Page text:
“We take lean pork protein and fat and infuse it into pork-loin products,” according to Marty Hast, vice president of plant operations. “It adds more flavor and juiciness to the products. The industry has gone from having heavily marbled product years ago to much leaner genetics. With lean hogs, you sometimes have pork products that can be dry and tough if not cooked properly.”
Many customers of Wolf-tec Inc., Kingston, N.Y., inject meat and poultry products to enhance the overall eating experience of the products, says Chris Mason, vice president of sales and marketing. “More and more we see meal preparation times being reduced by the consumers often leading to harsh cooking methods,” he adds.
Marination can help in this area by adding additional moisture to ensure the product remains moist and appealing, Mason says. "Many customers also marinate to increase product yields, allowing quality products to meet challenging price points,” he adds. "We also see growing awareness and focus on food safety, and the addition of anti-microbial ingredients into the marination process can improve the shelf-life and significantly reduce the risks.”
Several basic parameters affect the performance of injecting equipment. Variation in product dimensions within a batch will certainly impact injection accuracy, as will muscle type. “Many processors will either accept a wider variation in the output or look to grade some of the significantly different product sizes prior to processing,” Mason says.
The latest generation of IMAX injectors feature recipe controls that allow many of the parameters to be stored in the machine’s memory for simple recall during production, Mason says. “This will allow operators to create multiple programs that can be accessed as the production needs change thus minimizing downtime,” he adds. “IMAX injectors can also feature cleaning cycles to allow automatic rinsing between different species to speed up product changeovers.”
All of the pre-mentioned reasons are important to processors regarding the injection process, agrees David Enders, technical sales manager, Nu-Meat Technology Inc., South Plainfield, N.J.
More processors are processing a wider range of whole-muscle meat and poultry products in various product sizes. When asked what injecting challenge this presents to processors requiring fast changeover from product to product on a daily basis, Enders answers: “If product sizes are also being referred to as ‘from product to product,’ then size grading is important for close piece-to-piece standard deviation. In addition, only one primal type should be injected at once, as the injector settings are rarely the same for more than one primal. Other factors include fat level, as well as other basic injector operational procedures, such as belt loading and placement.”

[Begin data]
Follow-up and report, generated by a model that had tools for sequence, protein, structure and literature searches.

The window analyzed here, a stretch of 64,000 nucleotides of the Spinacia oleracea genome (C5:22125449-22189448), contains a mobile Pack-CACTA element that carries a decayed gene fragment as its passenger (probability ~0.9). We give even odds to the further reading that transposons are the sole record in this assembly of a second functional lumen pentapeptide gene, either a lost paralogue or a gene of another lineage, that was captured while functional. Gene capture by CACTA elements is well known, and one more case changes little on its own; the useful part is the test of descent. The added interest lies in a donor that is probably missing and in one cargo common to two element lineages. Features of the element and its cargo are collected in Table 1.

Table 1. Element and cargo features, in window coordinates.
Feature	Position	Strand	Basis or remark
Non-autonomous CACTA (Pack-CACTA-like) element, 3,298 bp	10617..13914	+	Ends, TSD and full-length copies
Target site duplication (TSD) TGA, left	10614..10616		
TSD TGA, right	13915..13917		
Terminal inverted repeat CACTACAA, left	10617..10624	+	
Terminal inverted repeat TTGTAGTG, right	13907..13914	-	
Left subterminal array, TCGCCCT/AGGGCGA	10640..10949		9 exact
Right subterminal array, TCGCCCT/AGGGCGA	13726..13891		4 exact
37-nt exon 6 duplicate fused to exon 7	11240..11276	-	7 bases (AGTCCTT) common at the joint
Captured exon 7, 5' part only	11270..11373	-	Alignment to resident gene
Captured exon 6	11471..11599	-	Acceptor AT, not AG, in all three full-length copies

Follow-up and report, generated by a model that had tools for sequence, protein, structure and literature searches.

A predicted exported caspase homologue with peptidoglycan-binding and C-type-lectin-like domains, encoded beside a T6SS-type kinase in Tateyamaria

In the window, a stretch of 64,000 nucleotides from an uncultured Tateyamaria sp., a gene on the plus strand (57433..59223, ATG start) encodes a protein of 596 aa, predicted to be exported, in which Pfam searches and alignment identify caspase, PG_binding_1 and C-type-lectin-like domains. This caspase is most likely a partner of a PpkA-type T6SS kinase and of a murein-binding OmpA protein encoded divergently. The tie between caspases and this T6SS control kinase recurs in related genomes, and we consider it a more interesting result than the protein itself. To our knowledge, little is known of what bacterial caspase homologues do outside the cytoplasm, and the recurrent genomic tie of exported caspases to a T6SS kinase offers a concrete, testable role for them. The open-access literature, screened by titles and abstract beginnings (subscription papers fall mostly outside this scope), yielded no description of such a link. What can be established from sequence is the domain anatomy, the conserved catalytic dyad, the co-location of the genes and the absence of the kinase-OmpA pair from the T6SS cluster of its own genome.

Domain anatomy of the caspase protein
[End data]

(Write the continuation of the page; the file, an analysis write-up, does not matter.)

Proper scheduling is key for processors to minimize downtime when injecting a number of different proteins of different sizes on a daily basis, Enders concludes.
Yields are the primary reason product is injected, says Noah Hall, food technologist and application specialist, Koch Equipment LLC, Kansas City, Mo. “The ability to inject and hold moisture in the product and then use that to increase profit margins is a key tool in the industry that has had some challenging times,” he adds.
Increasing shelf-life is also a key driver, Hall says. “Food safety has continually come to the forefront of the meat industry and being able to produce a safe product with a durable shelf-life is simply good for business,” Hall adds.
Koch is seeing increased interest among processors hoping to utilize trim in the injection process. This can help alleviate the problem many processors have with finding an outlet source for their production trim, Hall says. “Using a formulation with the right amount of protein in the brine emulsion allows producers to route trim internally or extend pump percentages without sacrificing protein content,” he adds.
Cleaning, versatility of the equipment and brine formulation changes are all challenges processors must address for quick changeovers in “on-thefly” production applications, Hall says. “Using equipment that is extremely accessible for cleaning is especially critical for processors that switch between species during daily production,” he adds.
Today’s brines are more complex with multiple ingredients and additives, Hall states. “Additives, such as soy proteins and a variety of starches, which result in better holding and binding, can also have a negative effect and create problems, such as clogged needles resulting in additional pressure on the pump,” he adds.
Features on equipment like removable injection heads reduce time spent cleaning and allow operators to move to the next stage of production, Hall says. “Of course, we always recommend referencing your owner’s manual for proper cleaning instructions and maintaining the equipment,” he adds. “Following the manufacturer recommendations will help minimize downtime, as well.”